Background and Aims—Adiponectin, an adipose-secreted protein that has been linked to insulin sensitivity, plasma lipids, and inflammatory patterns, is an established biomarker for metabolic health. Despite clinical relevance and high heritability, the determinants of plasma adiponectin levels remain poorly understood.

Methods and Results—We conducted the first epigenome-wide cross-sectional study of adiponectin levels using methylation data on 368,051 cytosine-phosphate-guanine (CpG) sites in CD4+ T-cells from the Genetics of Lipid Lowering Drugs and Diet Network (GOLDN, n= 991). We fit linear mixed models, adjusting for age, sex, study site, T-cell purity, and family. We have identified a positive association (regression coefficient ± SE= 0.01 ± 0.001, P=3.4x10−13) between plasma adiponectin levels and methylation of a CpG site in CPT1A, a key player in fatty acid metabolism. The association was replicated (n=474, P=0.0009) in whole blood samples from the Amish participants of the Heredity and Phenotype Intervention (HAPI) Heart Study as well as White (n=592, P=0.0005) but not Black (n=243, P=0.18) participants of the Bogalusa Heart Study (BHS). The association remained significant upon adjusting for BMI and smoking in GOLDN and HAPI but not BHS. We also identified associations between methylation loci in RNF145 and UFM1 and plasma adiponectin in GOLDN and White BHS participants, although the association was not robust to adjustment for BMI or smoking.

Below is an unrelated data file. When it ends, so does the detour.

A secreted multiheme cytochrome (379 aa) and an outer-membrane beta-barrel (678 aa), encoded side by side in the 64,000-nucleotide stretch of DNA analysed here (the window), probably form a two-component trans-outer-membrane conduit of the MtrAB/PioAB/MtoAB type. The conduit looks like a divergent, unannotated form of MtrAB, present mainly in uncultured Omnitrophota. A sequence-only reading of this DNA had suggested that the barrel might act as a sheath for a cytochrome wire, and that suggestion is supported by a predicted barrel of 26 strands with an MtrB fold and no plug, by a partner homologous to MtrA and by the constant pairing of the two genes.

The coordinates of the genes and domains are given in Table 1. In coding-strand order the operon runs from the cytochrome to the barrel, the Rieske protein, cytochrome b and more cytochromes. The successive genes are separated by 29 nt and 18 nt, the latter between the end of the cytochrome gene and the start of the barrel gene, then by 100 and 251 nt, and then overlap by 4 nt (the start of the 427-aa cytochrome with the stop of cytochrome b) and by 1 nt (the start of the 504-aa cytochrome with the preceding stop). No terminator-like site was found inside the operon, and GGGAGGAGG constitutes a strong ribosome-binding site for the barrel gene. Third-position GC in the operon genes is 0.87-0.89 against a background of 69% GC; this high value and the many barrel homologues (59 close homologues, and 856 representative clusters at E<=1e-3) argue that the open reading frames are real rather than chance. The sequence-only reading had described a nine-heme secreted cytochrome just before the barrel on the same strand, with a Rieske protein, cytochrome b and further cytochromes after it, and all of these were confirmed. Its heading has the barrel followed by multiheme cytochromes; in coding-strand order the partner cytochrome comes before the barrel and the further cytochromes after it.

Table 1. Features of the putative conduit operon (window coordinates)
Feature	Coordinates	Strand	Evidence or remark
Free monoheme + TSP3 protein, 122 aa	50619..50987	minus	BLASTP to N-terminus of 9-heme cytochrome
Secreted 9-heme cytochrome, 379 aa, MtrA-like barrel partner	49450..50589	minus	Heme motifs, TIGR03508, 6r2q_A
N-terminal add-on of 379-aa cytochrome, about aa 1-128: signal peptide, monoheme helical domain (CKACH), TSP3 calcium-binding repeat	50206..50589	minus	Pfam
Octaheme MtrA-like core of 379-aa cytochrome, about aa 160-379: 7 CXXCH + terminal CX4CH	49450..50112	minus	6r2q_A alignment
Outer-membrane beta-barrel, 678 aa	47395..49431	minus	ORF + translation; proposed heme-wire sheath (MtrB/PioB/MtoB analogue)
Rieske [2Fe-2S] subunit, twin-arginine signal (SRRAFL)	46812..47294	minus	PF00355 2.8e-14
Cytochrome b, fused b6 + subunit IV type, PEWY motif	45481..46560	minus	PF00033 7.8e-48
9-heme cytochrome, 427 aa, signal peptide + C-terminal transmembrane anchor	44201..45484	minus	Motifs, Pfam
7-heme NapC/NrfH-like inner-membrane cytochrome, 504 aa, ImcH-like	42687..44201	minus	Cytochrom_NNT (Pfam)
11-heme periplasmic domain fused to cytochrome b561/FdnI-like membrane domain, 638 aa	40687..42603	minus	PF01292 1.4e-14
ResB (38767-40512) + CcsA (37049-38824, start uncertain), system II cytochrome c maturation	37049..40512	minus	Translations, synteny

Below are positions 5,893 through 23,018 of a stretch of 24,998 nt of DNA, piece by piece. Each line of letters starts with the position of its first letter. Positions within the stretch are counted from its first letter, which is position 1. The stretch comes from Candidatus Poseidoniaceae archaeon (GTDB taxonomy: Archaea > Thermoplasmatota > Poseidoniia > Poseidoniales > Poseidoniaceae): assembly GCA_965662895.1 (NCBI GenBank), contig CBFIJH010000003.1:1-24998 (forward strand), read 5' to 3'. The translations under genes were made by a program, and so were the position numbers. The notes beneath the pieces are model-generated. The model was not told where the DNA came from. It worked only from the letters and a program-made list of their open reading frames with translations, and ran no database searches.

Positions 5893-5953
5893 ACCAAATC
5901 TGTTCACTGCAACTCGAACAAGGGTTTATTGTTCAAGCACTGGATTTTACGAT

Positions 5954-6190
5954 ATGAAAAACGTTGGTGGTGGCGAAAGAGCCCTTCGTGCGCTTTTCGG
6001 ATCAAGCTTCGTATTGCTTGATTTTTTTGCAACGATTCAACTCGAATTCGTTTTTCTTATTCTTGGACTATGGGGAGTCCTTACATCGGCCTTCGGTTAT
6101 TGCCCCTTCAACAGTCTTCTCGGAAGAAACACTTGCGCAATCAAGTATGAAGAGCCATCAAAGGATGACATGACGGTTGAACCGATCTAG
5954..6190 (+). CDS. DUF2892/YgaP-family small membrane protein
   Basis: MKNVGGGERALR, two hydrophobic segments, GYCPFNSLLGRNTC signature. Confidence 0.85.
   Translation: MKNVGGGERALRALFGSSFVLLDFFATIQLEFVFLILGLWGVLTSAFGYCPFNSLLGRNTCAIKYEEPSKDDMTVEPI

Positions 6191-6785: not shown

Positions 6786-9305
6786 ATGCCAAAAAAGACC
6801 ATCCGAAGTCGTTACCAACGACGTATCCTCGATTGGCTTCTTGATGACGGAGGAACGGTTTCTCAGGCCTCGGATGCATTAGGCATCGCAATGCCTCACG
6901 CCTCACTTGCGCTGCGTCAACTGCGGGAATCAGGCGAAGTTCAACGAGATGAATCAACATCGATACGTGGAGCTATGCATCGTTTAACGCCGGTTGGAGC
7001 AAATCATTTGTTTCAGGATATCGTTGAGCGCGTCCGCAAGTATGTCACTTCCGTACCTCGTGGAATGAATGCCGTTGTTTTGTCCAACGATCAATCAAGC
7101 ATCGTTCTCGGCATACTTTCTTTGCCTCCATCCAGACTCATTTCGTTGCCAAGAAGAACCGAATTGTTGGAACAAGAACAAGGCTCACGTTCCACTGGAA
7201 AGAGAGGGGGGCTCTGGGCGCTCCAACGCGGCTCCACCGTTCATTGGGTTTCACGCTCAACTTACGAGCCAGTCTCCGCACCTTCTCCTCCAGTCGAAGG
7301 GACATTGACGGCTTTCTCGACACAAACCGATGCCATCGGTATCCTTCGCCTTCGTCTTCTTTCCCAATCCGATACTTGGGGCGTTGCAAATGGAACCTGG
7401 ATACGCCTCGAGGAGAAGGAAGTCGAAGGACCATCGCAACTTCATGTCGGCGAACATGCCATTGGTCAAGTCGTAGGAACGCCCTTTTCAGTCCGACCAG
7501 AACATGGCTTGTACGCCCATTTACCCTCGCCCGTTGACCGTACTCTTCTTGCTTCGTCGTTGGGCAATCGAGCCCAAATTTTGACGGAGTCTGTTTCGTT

Conclusion—We have identified and replicated associations between several biologically plausible loci and plasma adiponectin. These findings support the importance of epigenetic processes in metabolic traits, laying the groundwork for future translational applications.

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Published in Nutrition, Metabolism & Cardiovascular Diseases, v. 27, issue 3, p. 225-233.

© 2016 The Italian Society of Diabetology, the Italian Society for the Study of Atherosclerosis, the Italian Society of Human Nutrition, and the Department of Clinical Medicine and Surgery, Federico II University. Published by Elsevier B.V. All rights reserved.

This manuscript version is made available under the CC‐BY‐NC‐ND 4.0 license https://creativecommons.org/licenses/by-nc-nd/4.0/.

The document available for download is the author's post-peer-review final draft of the article.

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Funding Information

This work was funded by the National Institutes of Health, National Heart, Lung, and Blood Institute, grant U01HL072524-04. The Amish HAPI Heart Study was supported by NIH grants U01HL072515 and P30DK072488. The BHS was supported by grants 5R01ES021724 from the National Institute of Environmental Health Sciences and 2R01AG016592 from the National Institute on Aging. Shengxu Li is partly supported by grant 13SDG14650068 from American Heart Association.

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